A herniated disc after a car accident can cause severe pain. A herniated disc is when the jelly-like material in the disc bulges out or ruptures, putting pressure on the spinal nerves. Naturally, most people want to avoid spinal surgery if at all possible, and there are less invasive treatment options to consider, including epidural steroid injections.
What is an Epidural Steroid Injection?
Epidural steroid injections can often help reduce the pain of a herniated disc. ESI involves injecting cortisone, a type of steroid, and a pain-relieving medication into the epidural space of the spine. This can reduce inflammation and swelling of the spinal nerves and diminish pain. The positive effect can last anywhere from several days to several years and makes it possible to do physical therapy to improve the condition of your back. It does not, however, affect the disc herniation, which remains.
How is an Epidural Steroid Injection Performed?
The injection is usually done with a fluoroscope (x-ray) to help the doctor position it correctly. It is done with local anesthesia and a sedative, usually with the patient lying face down.
There are three ways to deliver the medication:
- In a translaminar injection, the needle is inserted between the lamina of two vertebra from the middle of the back, which gets it into the large epidural space over the spinal cord where it is delivered to the nerve roots to the left and right of the inflamed area at the same time.
- In a transforaminal injection, the needle is inserted into the side of the vertebra in the neural foramen, which is above the nerve root and outside the epidural space. A contrast dye shows the flow of the medication. This technique treats one side at a time, and is used when the patient has had spinal surgery in the past, because it makes it possible to avoid surgical hardware and bone grafts.
- In a caudal injection, the medication is injected into the very end of the spine, below the last disk.
What Should I Expect After the Injection?
Many patients are able to get up and begin walking right away. Some patients experience soreness around the injection site, which should respond to ice and/or acetaminophen. Many people begin to feel better within three days or so. If you have not achieved significant pain relief after two weeks, you may need an additional one or two injections, but three is the limit within a six-month period.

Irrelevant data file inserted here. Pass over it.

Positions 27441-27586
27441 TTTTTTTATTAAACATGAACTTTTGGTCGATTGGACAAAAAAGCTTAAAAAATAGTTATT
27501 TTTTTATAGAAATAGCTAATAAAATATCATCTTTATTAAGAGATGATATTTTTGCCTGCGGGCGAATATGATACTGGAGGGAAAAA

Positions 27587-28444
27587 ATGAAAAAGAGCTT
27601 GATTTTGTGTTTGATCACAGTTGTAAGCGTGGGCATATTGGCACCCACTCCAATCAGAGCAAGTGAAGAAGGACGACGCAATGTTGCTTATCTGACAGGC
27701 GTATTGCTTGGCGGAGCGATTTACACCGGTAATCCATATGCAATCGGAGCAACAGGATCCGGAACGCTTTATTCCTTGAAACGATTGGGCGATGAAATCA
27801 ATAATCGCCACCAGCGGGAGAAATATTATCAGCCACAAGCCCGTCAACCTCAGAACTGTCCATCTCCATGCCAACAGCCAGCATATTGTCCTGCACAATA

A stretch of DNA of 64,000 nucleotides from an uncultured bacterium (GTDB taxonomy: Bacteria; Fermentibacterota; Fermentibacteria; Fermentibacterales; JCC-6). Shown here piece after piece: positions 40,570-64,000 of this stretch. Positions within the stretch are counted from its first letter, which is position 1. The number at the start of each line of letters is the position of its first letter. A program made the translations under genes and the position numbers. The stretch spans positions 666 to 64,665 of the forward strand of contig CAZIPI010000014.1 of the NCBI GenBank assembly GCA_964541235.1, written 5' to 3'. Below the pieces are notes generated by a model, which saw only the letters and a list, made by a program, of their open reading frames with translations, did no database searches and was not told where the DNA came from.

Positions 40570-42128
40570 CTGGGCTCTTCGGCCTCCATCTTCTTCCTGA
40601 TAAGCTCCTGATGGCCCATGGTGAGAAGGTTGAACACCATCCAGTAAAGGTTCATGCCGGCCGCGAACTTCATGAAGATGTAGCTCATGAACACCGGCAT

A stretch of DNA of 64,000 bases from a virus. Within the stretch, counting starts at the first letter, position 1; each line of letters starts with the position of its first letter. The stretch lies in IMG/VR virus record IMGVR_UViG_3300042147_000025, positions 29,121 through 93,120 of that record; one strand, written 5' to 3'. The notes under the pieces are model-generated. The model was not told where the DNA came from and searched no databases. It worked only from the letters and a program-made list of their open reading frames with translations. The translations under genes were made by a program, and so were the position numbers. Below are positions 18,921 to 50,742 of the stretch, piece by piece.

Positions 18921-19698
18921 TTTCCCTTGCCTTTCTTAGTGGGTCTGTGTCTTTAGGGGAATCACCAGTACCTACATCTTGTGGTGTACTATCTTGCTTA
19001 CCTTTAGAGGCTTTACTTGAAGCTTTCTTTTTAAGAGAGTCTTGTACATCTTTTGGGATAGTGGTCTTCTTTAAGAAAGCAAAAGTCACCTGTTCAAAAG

Most patients should begin physical therapy as soon as the pain subsides. The effect of the ESI is not permanent, but it does offer the opportunity to work on building the back muscles to prevent problems in the future.
Are There Risks with ESI?
ESI is considered safe, but there are some potential complications that could arise:
- Allergic reaction
- Nerve damage
Cortisone and Related Drugs can Cause Side Effects
- Weight gain
- Water retention
- Hot flashes
- Mood swings
- Increased blood sugar in diabetics
If you have a herniated disc because you were involved in a car accident that was someone else’s fault, you may have a claim to receive money to compensate you for your losses from the accident. If you have questions about making a claim, attorney Jim Dodson will be happy to answer them. Jim has been helping people in the Bradenton area who have been injured in accidents caused by another person’s carelessness or negligence for more than 25 years. Give Jim a call at 941-404-4500.